Cops fire tear gas to disperse crowd protesting arrest of student leader over laser pointers

An off-duty officer (left) examines a laser pointer during the arrest of student leader Keith Fong (center) in Sham Shui Po on Tuesday night. Screengrab via RTHK video.
An off-duty officer (left) examines a laser pointer during the arrest of student leader Keith Fong (center) in Sham Shui Po on Tuesday night. Screengrab via RTHK video.

Authorities fired tear gas in Sham Shui Po last night to disperse a crowd of people who had gathered at a police station to protest the arrest of a student union leader who was hauled in on weapons charges for possessing laser pointers.

Keith Fong, president of the Hong Kong Baptist University Students’ Union, was arrested at around 7pm yesterday on Ap Liu Street in Sham Shui Po, after men later identified as off-duty police officers found he was carrying 10 laser pointers.

In video from the scene, Fong can be heard saying he bought the laser pointers for stargazing. He is later seen being taken to the hospital after complaining of feeling unwell.

Chief Inspector Chow Hok-yin, from the organized crime and triad bureau, held a press conference last night in which he said Fong was stopped after leaving a store in Sham Shui Po for looking “suspicious.”

A search turned up 10 of what Chow characterized as “laser guns,” and Fong was arrested on suspicion of “possessing offensive weapons.”

Hong Kong law defines an “offensive weapon” as “any article made, or adapted for use, or suitable, for causing injury to [a] person,” and reporters last night were quick to question how run-of-the-mill laser pointers fit that definition.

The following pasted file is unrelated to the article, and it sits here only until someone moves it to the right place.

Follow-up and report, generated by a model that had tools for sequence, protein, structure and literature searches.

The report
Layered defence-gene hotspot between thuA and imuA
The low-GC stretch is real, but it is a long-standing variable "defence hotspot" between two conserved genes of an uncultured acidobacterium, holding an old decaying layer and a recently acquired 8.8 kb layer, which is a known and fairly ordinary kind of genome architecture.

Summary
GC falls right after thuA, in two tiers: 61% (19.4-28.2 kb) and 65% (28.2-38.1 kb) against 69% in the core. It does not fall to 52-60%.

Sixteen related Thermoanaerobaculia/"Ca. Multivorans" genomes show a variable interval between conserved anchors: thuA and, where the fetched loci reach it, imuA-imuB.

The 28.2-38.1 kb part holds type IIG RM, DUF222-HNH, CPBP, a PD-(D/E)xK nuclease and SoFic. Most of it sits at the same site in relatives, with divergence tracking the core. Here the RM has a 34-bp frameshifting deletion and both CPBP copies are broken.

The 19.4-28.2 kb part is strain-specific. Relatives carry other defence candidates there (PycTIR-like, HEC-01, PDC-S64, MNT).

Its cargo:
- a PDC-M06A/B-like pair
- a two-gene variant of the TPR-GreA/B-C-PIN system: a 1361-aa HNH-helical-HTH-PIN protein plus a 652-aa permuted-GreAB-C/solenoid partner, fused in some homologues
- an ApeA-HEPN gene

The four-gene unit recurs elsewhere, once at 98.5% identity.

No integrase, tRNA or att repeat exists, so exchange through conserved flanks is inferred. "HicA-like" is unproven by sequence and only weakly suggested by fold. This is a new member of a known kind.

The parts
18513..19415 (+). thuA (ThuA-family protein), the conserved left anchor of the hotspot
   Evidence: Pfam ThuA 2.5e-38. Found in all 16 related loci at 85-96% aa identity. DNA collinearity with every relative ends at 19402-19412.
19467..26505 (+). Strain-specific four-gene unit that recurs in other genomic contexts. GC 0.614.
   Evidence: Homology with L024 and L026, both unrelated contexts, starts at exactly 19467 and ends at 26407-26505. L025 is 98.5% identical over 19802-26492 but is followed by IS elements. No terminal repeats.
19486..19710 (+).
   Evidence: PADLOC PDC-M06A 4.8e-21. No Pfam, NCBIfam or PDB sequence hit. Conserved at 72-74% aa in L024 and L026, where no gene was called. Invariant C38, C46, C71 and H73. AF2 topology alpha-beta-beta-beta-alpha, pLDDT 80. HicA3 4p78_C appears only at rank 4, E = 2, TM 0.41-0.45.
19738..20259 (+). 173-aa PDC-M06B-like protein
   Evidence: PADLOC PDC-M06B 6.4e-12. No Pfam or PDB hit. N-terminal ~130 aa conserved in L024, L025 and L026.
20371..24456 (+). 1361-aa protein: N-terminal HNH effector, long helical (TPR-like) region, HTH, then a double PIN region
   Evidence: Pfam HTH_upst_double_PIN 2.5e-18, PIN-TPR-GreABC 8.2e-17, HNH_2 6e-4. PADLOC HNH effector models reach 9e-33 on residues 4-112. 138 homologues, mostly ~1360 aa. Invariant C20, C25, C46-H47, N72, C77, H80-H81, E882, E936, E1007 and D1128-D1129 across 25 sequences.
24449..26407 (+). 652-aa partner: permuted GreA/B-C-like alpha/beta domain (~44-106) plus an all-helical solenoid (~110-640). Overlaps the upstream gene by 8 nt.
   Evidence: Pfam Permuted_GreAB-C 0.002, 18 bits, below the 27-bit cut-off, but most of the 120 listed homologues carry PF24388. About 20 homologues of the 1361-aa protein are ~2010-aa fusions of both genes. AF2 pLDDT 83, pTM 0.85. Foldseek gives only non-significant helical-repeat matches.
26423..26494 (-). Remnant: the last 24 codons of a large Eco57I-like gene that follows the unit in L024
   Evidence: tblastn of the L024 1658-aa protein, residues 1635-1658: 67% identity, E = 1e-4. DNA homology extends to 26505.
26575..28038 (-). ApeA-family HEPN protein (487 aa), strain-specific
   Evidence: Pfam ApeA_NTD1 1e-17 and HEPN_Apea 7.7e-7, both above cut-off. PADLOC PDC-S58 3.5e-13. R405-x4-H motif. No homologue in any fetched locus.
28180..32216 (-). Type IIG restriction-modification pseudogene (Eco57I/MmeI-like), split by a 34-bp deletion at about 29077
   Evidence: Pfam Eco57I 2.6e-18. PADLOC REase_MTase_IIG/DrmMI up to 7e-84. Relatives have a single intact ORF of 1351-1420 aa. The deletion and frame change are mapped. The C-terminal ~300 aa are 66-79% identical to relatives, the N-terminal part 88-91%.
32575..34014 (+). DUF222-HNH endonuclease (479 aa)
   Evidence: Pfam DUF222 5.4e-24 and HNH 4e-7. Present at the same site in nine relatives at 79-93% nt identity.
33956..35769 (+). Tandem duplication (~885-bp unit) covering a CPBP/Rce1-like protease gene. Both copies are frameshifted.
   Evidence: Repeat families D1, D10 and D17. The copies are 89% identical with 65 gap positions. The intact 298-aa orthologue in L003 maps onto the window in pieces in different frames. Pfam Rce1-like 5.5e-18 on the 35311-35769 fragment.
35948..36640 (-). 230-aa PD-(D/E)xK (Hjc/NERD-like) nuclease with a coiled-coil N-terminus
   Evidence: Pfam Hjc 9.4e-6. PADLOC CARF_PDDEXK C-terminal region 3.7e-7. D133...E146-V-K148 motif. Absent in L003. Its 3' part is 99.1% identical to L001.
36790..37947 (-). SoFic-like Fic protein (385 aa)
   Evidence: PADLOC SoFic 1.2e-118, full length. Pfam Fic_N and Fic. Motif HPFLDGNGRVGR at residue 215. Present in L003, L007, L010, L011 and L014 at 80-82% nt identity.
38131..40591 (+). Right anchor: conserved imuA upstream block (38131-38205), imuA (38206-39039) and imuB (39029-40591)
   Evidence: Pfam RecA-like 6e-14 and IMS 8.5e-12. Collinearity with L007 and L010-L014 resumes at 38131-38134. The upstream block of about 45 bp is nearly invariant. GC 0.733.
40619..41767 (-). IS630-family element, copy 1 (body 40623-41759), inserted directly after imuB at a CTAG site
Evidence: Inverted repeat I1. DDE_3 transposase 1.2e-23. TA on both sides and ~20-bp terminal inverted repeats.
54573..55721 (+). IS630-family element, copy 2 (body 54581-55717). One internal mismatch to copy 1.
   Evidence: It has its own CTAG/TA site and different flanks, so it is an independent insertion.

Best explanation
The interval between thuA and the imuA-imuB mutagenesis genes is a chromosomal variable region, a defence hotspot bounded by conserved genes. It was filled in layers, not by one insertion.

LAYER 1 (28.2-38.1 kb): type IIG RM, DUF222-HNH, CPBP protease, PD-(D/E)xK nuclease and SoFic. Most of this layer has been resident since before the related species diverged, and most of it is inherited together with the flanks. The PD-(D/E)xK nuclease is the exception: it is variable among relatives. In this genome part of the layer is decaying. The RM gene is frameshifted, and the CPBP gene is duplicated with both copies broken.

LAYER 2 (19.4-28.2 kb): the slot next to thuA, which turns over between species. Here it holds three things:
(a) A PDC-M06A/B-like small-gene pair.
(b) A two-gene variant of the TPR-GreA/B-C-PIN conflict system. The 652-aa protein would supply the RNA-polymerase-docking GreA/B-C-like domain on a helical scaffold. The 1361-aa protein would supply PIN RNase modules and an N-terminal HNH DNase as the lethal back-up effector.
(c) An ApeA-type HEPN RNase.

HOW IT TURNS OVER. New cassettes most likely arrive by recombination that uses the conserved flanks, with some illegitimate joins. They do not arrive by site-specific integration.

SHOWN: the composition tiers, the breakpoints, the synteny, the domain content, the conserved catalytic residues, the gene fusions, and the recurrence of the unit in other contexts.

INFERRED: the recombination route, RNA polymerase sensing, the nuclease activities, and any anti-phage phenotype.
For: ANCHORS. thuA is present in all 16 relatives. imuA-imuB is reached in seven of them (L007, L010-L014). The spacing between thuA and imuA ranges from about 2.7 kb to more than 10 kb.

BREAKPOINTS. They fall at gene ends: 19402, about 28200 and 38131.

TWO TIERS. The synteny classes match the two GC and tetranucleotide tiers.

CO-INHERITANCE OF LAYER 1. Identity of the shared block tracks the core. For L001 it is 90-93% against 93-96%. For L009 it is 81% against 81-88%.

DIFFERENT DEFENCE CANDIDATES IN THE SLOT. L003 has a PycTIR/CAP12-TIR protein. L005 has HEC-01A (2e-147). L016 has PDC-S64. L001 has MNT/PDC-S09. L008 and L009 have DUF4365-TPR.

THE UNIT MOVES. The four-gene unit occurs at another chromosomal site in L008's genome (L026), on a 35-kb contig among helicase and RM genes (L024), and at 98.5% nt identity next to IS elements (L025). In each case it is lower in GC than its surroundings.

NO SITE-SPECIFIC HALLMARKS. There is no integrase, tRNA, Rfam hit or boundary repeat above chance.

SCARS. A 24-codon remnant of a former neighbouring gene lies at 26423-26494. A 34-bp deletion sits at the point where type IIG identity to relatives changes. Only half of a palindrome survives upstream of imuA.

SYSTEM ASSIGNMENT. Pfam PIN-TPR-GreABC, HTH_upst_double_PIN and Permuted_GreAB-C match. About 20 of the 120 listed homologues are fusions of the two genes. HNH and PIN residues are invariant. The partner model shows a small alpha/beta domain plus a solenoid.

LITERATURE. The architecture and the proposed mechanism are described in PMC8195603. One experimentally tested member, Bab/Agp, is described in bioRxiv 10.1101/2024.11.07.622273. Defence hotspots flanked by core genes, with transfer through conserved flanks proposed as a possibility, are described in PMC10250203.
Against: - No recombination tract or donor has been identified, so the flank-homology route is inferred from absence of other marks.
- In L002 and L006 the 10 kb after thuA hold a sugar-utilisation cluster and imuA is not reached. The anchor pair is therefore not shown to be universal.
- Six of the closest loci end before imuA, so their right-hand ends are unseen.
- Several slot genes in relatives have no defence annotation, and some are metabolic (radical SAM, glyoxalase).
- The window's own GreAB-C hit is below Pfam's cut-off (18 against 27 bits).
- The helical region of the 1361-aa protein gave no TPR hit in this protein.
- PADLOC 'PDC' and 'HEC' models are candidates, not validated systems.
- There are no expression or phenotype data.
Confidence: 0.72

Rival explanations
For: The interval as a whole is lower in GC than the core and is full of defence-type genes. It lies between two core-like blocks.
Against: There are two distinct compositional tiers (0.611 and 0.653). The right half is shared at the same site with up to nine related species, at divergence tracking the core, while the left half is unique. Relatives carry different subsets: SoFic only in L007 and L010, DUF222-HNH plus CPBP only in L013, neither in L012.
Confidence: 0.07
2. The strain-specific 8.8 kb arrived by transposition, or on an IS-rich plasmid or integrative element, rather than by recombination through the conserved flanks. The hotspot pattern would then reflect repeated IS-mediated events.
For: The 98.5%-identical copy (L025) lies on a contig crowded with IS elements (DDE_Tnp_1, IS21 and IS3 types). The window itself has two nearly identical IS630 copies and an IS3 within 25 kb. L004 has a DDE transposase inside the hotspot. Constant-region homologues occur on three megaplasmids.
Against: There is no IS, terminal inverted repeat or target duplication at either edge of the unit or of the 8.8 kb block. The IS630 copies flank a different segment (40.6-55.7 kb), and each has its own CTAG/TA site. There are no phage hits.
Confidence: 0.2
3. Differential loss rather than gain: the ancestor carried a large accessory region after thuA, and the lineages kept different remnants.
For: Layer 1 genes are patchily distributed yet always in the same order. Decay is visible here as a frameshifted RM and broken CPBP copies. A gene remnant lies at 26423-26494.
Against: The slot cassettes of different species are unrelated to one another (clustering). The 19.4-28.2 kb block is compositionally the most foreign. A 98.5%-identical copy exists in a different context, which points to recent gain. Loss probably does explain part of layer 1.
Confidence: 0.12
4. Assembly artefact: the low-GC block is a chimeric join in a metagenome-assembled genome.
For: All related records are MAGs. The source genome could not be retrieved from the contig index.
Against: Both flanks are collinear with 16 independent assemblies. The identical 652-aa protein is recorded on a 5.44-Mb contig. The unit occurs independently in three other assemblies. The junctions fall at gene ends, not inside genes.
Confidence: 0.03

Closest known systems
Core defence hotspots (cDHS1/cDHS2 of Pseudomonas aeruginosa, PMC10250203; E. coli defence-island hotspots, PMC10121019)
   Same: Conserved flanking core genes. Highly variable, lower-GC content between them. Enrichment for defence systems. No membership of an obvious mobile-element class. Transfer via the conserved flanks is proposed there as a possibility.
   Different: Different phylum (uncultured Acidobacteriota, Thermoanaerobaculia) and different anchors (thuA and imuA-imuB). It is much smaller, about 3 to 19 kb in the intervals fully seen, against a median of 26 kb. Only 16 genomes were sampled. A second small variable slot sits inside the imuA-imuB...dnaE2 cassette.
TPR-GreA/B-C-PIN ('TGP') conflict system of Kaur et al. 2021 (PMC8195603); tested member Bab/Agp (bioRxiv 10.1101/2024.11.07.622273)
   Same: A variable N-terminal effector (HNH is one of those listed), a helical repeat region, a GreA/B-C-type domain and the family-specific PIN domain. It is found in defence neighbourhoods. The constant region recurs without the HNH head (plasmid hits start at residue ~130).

Chow maintained that as long as the laser pointer was used to attack someone, the police force would regard it as an offensive weapon. At recent protests, demonstrators have shone laser pointers to thwart CCTV cameras and annoy officers, some of whom Chow said had been affected by the beams.

After word of the arrest spread, people started gathering at the Shum Shui Po police station at around 10pm. Police issued warnings that the gathering was an unlawful assembly, and stared firing tear gas to disperse the crowd at around 11:20pm.

Police also urged locals and reporters on a nearby footbridge to leave the scene, with residents responding by asking whether police had imposed a curfew, Ming Pao reports.

The crowd dispersed after 1am.

The Students’ Unions of Higher Institutions, meanwhile, issued a statement last night “strongly condemn[ing] the Police for fabricating a charge in order to arrest innocent persons arbitrarily,” and demanding Fong’s immediate release.

Pro-dem lawmaker James To, himself a lawyer, also questioned the appropriateness of the charge on an RTHK program, saying that the intent to injure is a central element of the weapons charge, and asking how police could discern Fong’s intent before any crime had been committed.

Police have sharply stepped up their response to protests in the last few days, arresting nearly 150 people and firing 800 rounds of tear gas on Monday alone during long-running clashes with protesters.

Protesters are now calling for a protest in Sham Shui Po on Aug. 11 in response.

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